Independent charity The Reading Agency has coordinated the input of 2176 libraries across the UK, and supported the creation of a fantastic range of events, including supermarket visits by Amanda Smyth and Mez Parker with Coventry Mobile Library; Jessica Fox supporting Dumfries and Galloway’s Libraries Hit the High Street event; and Miranda Dickinson in Dudley.

Other major library events include Sophie Hannah in Cambridge; Melvin Burgess in Bristol as part of the city’s Britain Writing: Bristol Writing programme; Blake Morrison at a newly refurbished Lewisham Library; an evening of exclusive talks, book giveaways and live music for BookAid featuring Beverley Naidoo, James Mayhew, Robert Douglas-Fairhurst and comedian Natalie Haynes at Canada Water Library Southwark; an Evening of Crime with S J Bolton in Peterborough; Ann Cleeves’ Murder Mystery Evening in Maidstone; Treasure Island themed fun in Gloucestershire; a World Book Night ‘20 books’ inspired pop-up film festival in Tameside; and in the Outer Hebrides books will be transported by Mail Bus, Aeroplane and Ferry to the furthest reaches of the islands, thanks to the dedicated efforts of staff at Lionacleit Library.

Giver applications for World Book Night 2013 hit an all-time high: 23,655 people volunteered to be part of the Experience on April 23rd and from the 20,000 people confirmed as Givers, 54% chose to be involved for the first time. 58% of Givers have chosen to collect their books from a local library.
Also a first this year, World Book Night introduced an application strand for charitable giving enabling more than 2,500 organisations to get books to the hardest to reach sections of society, including 90% of the prison network. 100,000 of the 500,000 books allocated have been ring-fenced for charitable and institutional giving and will be distributed in a host of venues including hospitals, shelters, care homes, community centres and prisons.
World Book Night CEO, Julia Kingsford comments: “From the smallest communities in the Highlands to those in our largest metropolitan centres, World Book Night has an incredible power to unite people from across society. It is amazing to see the passion of the people who come together to share in World Book Night and spread their love of reading.”

Director of The Reading Agency, Miranda McKearney, says: “Where better than your library to celebrate the awesome power of books to connect us to each other? Libraries’ precious presence at the heart of our communities makes us a civilised society and we’re working hard to make sure local people get the chance to experience the excitement of World Book Night in their library.”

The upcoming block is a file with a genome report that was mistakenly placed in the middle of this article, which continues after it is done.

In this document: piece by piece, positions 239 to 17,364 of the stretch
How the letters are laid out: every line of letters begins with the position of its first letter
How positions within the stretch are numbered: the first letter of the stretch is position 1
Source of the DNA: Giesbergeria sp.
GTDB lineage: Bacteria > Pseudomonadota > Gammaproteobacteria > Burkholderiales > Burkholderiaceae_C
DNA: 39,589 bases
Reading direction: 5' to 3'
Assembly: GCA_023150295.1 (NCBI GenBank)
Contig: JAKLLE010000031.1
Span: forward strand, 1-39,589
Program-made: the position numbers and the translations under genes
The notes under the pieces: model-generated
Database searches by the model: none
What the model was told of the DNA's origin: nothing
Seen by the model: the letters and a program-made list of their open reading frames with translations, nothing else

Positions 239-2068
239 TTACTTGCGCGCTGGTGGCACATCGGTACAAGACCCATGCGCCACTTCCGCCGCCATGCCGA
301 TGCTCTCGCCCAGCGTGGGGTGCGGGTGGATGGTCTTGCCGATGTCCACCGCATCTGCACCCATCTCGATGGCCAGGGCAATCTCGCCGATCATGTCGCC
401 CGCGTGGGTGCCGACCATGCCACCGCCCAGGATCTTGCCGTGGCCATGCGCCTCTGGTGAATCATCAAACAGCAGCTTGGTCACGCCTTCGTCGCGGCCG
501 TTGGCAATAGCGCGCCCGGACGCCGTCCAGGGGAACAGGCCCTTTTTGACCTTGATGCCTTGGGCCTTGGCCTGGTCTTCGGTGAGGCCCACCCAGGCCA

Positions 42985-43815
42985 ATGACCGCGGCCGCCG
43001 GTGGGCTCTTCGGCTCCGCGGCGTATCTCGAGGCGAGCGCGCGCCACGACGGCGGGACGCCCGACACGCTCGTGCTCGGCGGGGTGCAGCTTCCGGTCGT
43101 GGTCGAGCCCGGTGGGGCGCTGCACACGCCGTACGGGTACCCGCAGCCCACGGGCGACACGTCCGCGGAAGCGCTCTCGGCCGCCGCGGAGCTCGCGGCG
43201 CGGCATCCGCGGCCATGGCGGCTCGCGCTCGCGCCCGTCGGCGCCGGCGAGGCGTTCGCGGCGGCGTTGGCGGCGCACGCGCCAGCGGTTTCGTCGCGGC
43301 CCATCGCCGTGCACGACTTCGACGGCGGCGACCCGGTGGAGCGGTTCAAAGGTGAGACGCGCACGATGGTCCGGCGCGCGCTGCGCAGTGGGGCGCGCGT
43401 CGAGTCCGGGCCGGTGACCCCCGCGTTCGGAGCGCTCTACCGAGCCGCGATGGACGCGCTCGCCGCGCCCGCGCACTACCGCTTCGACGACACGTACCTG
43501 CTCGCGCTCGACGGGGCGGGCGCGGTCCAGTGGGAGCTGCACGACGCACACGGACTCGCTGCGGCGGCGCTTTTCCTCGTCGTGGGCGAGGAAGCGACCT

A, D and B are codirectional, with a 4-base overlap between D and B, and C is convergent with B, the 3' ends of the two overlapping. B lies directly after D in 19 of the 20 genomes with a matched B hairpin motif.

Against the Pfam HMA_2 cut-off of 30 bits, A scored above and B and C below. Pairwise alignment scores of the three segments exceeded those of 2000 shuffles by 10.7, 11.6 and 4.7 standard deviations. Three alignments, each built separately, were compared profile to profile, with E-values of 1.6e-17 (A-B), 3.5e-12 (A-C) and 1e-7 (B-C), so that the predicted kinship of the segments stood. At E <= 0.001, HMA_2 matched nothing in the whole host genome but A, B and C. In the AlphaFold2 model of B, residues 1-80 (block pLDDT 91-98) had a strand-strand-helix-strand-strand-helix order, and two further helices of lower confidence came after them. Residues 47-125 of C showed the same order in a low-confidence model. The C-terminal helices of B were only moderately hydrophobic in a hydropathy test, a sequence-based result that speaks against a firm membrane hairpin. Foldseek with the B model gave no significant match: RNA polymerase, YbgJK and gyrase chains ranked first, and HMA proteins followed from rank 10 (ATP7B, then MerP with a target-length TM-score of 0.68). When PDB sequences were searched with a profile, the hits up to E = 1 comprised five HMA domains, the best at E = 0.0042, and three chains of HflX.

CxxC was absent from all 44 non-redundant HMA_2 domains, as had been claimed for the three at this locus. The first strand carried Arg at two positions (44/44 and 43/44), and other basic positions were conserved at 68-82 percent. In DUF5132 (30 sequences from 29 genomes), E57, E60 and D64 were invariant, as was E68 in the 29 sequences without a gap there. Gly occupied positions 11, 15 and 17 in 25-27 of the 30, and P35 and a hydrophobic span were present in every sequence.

This year’s titles are more varied than ever. Prize winners, bestsellers, classic tales, contemporary crime, quick reads and even a graphic novel – there is something for everyone, no matter what their interest or reading ability.

· The twenty World Book Night 2013 titles are:
1. The Secret Scripture by Sebastian Barry (Faber)
2. Noughts and Crosses by Malorie Blackman (RHCB)
3. Girl with a Pearl Earring by Tracy Chevalier (HarperCollins)
4. The Eyre Affair by Jasper Fforde (Hodder)
5. Casino Royale by Ian Fleming (Vintage)
6. A Little History of the World by E. H. Gombrich (Yale)
7. The White Queen by Philippa Gregory (Simon & Schuster)
8. Little Face by Sophie Hannah (Hodder)
9. Damage by Josephine Hart (Virago)
10. The Island by Victoria Hislop (Headline)
11. Red Dust Road by Jackie Kay (Picador)
12. Last Night Another Soldier… by Andy McNab (Transworld)
13. Me Before You by Jojo Moyes (Penguin)
14. The Knife of Never Letting Go by Patrick Ness (Walker)
15. The Reader by Bernhard Schlink (Orion)
16. No. 1 Ladies Detective Agency by Alexander McCall Smith (Little, Brown)
17. Treasure Island by R. L. Stevenson (Penguin)
18. The Road Home by Rose Tremain (Vintage)
19. Judge Dredd: The Dark Judges by John Wagner (Rebellion)
20. Why be Happy When You Could be Normal? by Jeanette Winterson (Vintage)


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Wentworth Miller to adapt Richard Parker’s novel Scare Me for Relativity Media

Exhibit A, the new crime fiction imprint of award-winning publisher Angry Robot, is delighted to announce that, in a deal brokered by The Gotham Group and ICM Partners, major Hollywood studio Relativity Media has acquired the film rights to Richard Parker’s psychological thriller Scare Me and has signed Prison Break actor Wentworth Miller to adapt the novel for screen.

Miller’s debut screenplay Stoker, starring Nicole Kidman and directed by Chan-wook Park, premiered at the Sundance Film Festival and was subsequently released to wide critical acclaim.